"We've got a crisis in California with energy," Sen. Barbara Boxer (D-Calif.) testified to the Senate Subcommittee on Water and Power Thursday. "We don't want one with water."
Too bad. A water crunch is already looming over the Golden State. Comparisons to California's electricity scare are particularly illuminating, because both problems took root in an irresponsible approach to resources, and both have blossomed in a zero-sum atmosphere that now has environmental, residential, and industrial interests scrambling for what little water is left.
The problem: California is currently home to more than 34 million people, each and every one of whom gets thirsty from time to time. It will have closer to 50 million in 20 years. The state also hosts such multi-billion dollar industries as agriculture, tourism, and computer production, all of which require a steady flow of agua to stay afloat. Rounding out the cast of characters is a hardcore environmental lobby that earnestly defends every inch of undeveloped land as indispensable for the state's ubiquitous endangered species. They all want water, but there isn't enough to go around.
It rains and snows plenty around the state, but storage and distribution facilities were put in place closer to the beginning of the Cold War than the end of it. Those were the good old days, when population stood at around 16 million, rare bottom-feeding fish had not yet been deified, and farmers tilled land that did not require vast irrigation systems sponsored by the federal government. The battle lines are predictable. Urban, industrial and agriculture groups are pushing hard for more "surface storage." That's California-speak for reservoirs. The state's granola contingent is vehemently opposed, of course, predicting doom for countless creatures if anyone blocks a stream or wipes out habitat by making existing dams higher and raising water levels. Just as the state's inability to build power stations in the face of those clashing forces contributed to the blackout problem, California now faces the even grimmer prospect of going dry after stalling for decades on water.
Sen. Dianne Feinstein (D-Calif.) has proposed the "California Ecosystem, Water Supply and Water Quality Enhancement Act of 2001" to make it all better, but the bill might be in trouble already. Two U.S. Representatives, Sen. Boxer, Secretary of the Interior Gale Norton, California's Secretary for Resources Mary Norton, and at least eight special interest groups such as the Bay Institute and the Silicon Valley Chamber of Commerce descended on the Senate subcommittee Thursday to plead their cases. The results indicate that there is no easy solution.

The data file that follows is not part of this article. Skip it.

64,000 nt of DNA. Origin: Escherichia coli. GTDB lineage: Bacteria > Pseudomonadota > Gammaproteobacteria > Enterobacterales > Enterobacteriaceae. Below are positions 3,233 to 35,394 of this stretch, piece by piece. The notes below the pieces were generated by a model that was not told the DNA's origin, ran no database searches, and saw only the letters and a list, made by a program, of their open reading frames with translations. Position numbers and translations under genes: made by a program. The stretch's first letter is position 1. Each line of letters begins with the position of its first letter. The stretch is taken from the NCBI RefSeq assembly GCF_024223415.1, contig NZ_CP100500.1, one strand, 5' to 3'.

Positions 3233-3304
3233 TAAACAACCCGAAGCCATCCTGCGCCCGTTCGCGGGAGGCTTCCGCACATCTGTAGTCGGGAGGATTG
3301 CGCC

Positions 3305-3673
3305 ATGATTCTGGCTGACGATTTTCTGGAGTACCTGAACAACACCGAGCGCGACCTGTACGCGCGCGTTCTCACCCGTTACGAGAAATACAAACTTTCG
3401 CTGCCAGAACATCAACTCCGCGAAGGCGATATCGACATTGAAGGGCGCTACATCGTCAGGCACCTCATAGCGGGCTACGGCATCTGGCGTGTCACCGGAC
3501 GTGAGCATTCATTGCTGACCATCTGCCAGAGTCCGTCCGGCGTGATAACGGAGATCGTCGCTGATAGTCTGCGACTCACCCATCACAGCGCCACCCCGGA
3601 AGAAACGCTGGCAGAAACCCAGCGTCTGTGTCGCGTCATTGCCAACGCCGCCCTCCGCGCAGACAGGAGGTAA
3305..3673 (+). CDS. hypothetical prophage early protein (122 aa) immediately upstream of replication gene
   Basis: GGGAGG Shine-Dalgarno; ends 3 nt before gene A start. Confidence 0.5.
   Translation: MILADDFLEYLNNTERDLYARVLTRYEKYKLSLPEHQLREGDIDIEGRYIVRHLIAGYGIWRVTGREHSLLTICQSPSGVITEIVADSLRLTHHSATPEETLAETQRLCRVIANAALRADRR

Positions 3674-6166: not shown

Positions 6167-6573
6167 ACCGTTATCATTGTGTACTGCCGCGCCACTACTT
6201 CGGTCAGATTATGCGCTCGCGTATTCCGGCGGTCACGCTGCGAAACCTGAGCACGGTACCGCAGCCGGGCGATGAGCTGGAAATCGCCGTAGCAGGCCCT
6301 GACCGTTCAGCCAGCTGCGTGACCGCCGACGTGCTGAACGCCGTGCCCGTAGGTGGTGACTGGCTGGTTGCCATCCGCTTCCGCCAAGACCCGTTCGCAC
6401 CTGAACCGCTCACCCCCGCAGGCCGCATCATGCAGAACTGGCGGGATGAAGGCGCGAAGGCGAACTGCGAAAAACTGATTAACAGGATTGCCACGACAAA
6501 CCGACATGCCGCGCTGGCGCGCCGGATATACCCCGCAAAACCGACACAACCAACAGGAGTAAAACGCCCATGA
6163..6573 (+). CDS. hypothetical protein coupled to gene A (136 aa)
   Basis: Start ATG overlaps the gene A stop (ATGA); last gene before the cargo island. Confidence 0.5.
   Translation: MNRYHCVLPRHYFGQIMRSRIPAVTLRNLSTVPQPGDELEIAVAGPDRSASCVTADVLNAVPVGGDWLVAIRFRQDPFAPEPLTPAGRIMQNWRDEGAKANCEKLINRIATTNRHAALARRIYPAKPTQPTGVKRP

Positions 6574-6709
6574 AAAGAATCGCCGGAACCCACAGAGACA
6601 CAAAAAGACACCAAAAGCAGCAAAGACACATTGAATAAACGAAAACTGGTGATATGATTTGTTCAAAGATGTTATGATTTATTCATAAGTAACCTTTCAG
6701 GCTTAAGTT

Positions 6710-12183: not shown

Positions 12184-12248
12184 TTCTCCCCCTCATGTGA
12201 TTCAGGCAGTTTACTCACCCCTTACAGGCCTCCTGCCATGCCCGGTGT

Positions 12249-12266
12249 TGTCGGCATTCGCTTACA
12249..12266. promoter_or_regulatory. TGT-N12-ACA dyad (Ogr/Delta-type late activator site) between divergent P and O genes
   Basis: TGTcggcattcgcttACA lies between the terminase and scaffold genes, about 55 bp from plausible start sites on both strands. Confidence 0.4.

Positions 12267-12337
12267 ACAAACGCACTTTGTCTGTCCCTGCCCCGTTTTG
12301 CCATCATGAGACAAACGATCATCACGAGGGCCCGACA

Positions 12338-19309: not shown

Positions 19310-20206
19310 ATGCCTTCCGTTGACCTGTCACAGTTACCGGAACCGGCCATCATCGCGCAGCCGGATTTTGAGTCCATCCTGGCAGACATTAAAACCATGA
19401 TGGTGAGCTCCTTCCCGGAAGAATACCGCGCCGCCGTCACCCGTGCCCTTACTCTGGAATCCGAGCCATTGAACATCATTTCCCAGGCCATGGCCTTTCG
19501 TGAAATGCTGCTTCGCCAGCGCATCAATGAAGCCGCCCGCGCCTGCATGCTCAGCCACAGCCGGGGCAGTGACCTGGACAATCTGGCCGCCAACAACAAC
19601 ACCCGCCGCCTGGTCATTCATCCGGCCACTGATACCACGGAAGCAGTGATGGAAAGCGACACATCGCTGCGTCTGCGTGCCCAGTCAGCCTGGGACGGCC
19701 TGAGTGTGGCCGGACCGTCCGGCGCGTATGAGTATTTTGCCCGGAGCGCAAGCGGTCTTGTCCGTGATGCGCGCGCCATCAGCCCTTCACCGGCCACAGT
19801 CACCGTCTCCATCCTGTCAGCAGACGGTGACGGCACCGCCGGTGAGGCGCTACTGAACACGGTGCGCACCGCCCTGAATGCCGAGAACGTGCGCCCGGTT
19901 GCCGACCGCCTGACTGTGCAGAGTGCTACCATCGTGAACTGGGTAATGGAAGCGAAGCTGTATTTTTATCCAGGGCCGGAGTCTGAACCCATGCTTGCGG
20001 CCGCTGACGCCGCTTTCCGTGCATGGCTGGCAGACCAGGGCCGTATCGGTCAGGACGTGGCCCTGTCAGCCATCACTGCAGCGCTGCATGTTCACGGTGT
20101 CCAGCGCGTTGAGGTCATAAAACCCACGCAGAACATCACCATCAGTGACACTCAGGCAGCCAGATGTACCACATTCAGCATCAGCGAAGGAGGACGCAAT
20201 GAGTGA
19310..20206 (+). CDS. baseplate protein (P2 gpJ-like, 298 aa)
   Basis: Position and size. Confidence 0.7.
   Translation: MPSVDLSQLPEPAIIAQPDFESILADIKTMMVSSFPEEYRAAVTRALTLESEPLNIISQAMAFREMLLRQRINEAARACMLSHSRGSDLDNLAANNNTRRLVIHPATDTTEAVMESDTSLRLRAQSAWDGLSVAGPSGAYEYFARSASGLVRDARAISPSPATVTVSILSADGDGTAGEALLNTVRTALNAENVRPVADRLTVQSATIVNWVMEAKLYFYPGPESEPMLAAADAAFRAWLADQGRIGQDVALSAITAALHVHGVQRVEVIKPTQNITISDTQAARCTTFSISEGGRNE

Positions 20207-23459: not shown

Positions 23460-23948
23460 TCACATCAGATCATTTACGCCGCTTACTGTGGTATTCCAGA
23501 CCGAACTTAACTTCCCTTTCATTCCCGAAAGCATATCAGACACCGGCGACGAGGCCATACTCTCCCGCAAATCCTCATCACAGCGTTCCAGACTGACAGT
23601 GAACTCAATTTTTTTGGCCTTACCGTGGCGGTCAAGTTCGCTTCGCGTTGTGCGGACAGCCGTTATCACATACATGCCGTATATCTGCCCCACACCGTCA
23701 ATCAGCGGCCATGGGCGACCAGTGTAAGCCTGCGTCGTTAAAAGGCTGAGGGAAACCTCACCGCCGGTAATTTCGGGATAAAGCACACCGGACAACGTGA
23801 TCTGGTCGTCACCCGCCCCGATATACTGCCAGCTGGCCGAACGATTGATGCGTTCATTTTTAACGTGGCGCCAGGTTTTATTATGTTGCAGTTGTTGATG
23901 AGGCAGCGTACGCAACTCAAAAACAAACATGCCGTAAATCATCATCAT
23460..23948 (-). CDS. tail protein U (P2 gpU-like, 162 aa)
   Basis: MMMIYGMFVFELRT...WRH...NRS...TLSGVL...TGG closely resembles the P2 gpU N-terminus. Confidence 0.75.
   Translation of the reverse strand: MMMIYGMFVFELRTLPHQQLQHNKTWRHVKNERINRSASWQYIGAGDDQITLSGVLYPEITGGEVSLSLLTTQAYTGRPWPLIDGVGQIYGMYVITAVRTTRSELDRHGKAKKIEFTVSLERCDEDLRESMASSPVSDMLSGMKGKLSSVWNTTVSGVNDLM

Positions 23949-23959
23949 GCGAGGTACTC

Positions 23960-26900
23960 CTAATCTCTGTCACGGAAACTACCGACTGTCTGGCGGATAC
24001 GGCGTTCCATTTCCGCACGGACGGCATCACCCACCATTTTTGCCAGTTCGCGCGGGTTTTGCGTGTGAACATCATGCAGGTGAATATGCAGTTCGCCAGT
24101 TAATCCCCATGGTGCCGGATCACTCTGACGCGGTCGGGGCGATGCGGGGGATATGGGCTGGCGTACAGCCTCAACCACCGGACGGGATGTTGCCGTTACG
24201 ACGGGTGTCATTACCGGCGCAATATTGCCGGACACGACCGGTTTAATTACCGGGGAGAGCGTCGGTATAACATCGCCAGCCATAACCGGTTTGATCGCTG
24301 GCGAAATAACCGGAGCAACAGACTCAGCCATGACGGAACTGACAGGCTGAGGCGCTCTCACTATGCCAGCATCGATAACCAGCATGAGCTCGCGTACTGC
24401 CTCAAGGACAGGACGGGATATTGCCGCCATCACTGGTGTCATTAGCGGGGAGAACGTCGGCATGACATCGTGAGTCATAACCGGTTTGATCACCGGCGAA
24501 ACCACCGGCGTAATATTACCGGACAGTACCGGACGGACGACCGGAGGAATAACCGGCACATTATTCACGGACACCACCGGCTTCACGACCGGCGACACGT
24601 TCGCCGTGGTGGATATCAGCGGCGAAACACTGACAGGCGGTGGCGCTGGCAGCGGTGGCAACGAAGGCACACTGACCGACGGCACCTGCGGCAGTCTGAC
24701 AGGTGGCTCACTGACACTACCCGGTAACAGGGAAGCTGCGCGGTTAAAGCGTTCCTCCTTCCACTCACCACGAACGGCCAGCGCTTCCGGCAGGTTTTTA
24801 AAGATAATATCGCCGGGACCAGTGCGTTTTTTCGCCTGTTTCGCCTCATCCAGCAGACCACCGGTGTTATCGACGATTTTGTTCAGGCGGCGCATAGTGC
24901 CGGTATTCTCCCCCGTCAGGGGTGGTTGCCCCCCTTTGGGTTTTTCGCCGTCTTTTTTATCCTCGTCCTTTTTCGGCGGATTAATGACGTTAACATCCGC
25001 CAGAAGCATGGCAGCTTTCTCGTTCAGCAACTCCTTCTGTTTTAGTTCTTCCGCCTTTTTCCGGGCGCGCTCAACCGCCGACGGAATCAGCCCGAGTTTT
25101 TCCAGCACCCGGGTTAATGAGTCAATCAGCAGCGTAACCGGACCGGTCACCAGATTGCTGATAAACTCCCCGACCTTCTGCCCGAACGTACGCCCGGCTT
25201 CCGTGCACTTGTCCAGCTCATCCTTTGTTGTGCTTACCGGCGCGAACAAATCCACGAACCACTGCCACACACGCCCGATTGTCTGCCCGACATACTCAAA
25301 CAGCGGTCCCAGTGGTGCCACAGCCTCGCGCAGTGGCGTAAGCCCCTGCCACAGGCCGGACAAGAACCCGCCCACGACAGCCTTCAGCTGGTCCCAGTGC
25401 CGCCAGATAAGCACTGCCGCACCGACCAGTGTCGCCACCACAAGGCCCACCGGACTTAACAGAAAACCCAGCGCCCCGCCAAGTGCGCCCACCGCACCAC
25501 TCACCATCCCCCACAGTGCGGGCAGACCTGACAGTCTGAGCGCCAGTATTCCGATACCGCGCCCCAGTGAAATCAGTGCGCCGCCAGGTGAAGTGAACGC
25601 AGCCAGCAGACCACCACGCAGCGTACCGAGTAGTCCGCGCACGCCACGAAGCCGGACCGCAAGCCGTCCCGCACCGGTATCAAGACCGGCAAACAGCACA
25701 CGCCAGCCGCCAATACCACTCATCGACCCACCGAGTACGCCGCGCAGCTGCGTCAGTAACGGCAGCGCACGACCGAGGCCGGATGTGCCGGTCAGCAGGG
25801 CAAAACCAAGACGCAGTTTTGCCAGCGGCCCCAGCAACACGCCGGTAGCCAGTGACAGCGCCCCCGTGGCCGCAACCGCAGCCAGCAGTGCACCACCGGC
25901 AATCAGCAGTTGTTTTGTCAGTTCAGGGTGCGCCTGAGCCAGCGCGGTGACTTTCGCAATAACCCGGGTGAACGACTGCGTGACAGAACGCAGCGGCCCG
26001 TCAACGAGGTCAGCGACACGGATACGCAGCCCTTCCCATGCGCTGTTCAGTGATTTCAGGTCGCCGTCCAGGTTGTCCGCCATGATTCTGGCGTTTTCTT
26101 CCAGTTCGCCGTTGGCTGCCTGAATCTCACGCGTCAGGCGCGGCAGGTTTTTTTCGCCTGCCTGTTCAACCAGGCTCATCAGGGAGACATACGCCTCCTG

The debate centers around CALFED, a state-federal alliance formed in 1995 to study the threatening crisis. After five contentious years, the political juggernaut finally hammered out a plan to move forward on increasing supply. Feinstein's bill, as originally crafted, would have roped those recommendations into omnibus legislation for consideration in Congress. The feds would need to approve $3 billion, to be matched by about $5 billion more from state and local governments and bond issues. Three particularly crucial "surface storage" proposals would have been "fast tracked" for an up or down vote, which Feinstein hoped would sidestep the partisan bickering and legislative roadblocks that have stymied all efforts in the past.
So much for fast track. Sen. Boxer, along with Democratic Reps. George Miller and Ellen Tauscher, came to fret about the nod toward expediency. Boxer argued that the "take or leave it package" was a bad precedent for the Senate, which would not be permitted to amend the legislation. Of course, the whole point of Feinstein's bill was to keep peeved special interests from stalling the legislation forever with amendments, but everyone agreed that a congressional "rubber stamp" might not be a good idea. Feinstein calmed a few nerves t the beginning of the hearings when she announced that instead of real fast track, her plan now calls for a 180-day deadline for discussion and amendments in an "expedited review procedure." Still, there was also plenty of friction over mandates that would decide who would get the water and what it all would mean for the various fish and birds that currently call the state home.
In a sensible editorial, the Sacramento Bee on Thursday urged all involved to set the rancor aside and debate the issue on the merits, but no one seems overly optimistic. In the great American West, where population is swelling, industry is ballooning, environmentalists are clamoring, and farmers are working on land sprinkled by water from federal dams, no one seems ready to give. If you think they will have to act before it gets too ugly, look at the 1,400 farmers in the Klamath River Basin who have already lost their livelihoods in the interests of the rare short-nosed suckerfish.
There is an old adage about water's political power in the parched western landscape, and it wasn't lost on congressional leaders Thursday. Feinstein, Boxer and Sen. Conrad Burns (R-Mont.) each recited it at least once during the hearings: "Whiskey's for drinkin'. Water's for fightin'." Can they make peace before the pipes run dry? Think brownouts.